ovary forward Negro movement attempted in the oity. He was one
Nereo Bit ry Pg I
Viola B. Moe E
of the or~aniser of the OGntral Life Ineurmeoe company of
ThUs, oseond largest enterprise In the state. He was to-
oording soretazy of the Tap7 Urban Laigue from its in-
oiptonoy. te di4d In 19*5. (10)
BTerend V.. 2tter, ohurb t figre, editor,
and businessman, mwa one of pmp&i earliT st omewrola
figures. Hil outstanding 4istinotlon was an appointment to the
Florida Sohool Oode Oomission a few years ago, He publishes
the mr Bulletin. a XIes weekly, at Orange and Kay Streets.( l
Andre J. FPrrll, a native of Leon Ooamty,
Floridaand now living at 1310 Marion Street, Tamps is the
only NSgro in the state of Florida who holds a Uaeor'e lioense
for stena ves el of unlziited tonnage for navigation in in-
iand waters of the United State. Hfe attained this honor while
working as pilot of the t from 1689 to 1905. woar 1906
to 1988 he held the offioo of Tile Olerk of the Oaetons 8srvooe,
Tumpa, Florida. He tI new presiding eldn over tio Stint Peters-
Sburg Ditriot, Afrioan eotheost Xp eopal Oburob and very sar
ti In olTvi affair of the oity be is Obstarl of the ,Mg
tim al noamttte. and a mboer of the zXxoutive and 16is-
OmmitteeS of the TampS Urban Leage. (18)
Iegro Hisetory .a 13
Tiola B. tase 10
JohnM Ball goveral of Tampa's well known
large structures stand today as evidence of the kno-ledge
and ability of a HNoro oitisen who, until a few years ago,
lived and worked in the olty, and who for thirty years was
foreman and consultant of one of the largest building oon-
struotion films in South Florida. (13)
Ono of the first contributions of Hall to
Tampa's permanent ar6hiteoture was the laying of the found&-
tion on whioh wse oreoted tho Laayette Street ridges This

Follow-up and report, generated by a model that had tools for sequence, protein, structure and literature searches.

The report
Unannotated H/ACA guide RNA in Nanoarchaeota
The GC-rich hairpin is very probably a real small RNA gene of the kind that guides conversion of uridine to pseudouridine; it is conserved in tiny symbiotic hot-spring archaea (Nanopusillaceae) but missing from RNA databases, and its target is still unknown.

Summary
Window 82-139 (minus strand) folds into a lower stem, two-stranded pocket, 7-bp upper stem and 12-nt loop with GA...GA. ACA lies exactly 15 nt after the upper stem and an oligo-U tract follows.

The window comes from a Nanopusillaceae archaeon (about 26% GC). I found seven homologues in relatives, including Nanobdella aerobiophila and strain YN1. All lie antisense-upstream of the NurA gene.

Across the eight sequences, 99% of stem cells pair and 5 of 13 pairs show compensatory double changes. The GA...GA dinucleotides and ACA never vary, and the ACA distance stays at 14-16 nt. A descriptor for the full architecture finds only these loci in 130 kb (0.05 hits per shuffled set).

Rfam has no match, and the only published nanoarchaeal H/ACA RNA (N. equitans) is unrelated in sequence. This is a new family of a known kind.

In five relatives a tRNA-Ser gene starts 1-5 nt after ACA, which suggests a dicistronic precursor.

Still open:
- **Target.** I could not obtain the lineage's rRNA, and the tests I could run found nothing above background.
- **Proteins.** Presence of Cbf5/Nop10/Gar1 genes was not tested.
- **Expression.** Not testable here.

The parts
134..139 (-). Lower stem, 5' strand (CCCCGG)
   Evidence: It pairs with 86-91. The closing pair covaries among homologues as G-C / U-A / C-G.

task was rendered particularly difficult beoauee of the pe-
ouliar shifting alluvial formation of the Tampa sands. This
was aoooaplished in 1912. (13)
The Garoia street Bridge ame another struotue
in whioh the work of Hall played a large part. On this Job
Hall me the foreman to whom the reading of the blueprints wa
entrusted, and all of the dozens of men employed on the enter-
prise followed dirootione laid down by the gifted builder.
The Citisen's nk kBuilding, a twelve-story steel
and briok straeotro at the oorne of franklin and Zs4k Streets,
stand on another of the foundations lid by Hall. This job io
said to have presented innumerable difficulties to the ean who
attempted the foundation-laying before Hall took charge of it.
In feat som aooouant state that more than $100,000 sae spent
in futile.efforts to anobor the underpinnings of the building
Wegro 1a3tory 14
Viola B. Runne 0
T8up^, Flor ida
before all was called in.
BLU is said to have ooSpleted the founda-
tion in a period of a few woeks, with a total additional ooet
of about'ten thousand dollar, whioh included the owa-a of
the men who worked under his forwnanship. This was in 1914.
One of tho most rooent of Hall's achievements
il outside of Tampa, in fort Myers. Here Hall suprvised the
laying of the foundation for the great Edinon Memorial Bridge
aorosa ,' Cl oeeahatohiA River. (14)
In laying the foundation for this bridge. Ball
usod a orew of eleven men to lay the piling for the 38 spans
of tho structure. ThiA job wam aoooplishod in t:g phonominal
tiao of 128 daty, or eoxatly one sGan per day*. uh a fast, for
a orew of son of this else, is said to be waquled The bridge
was built in 19886 (14)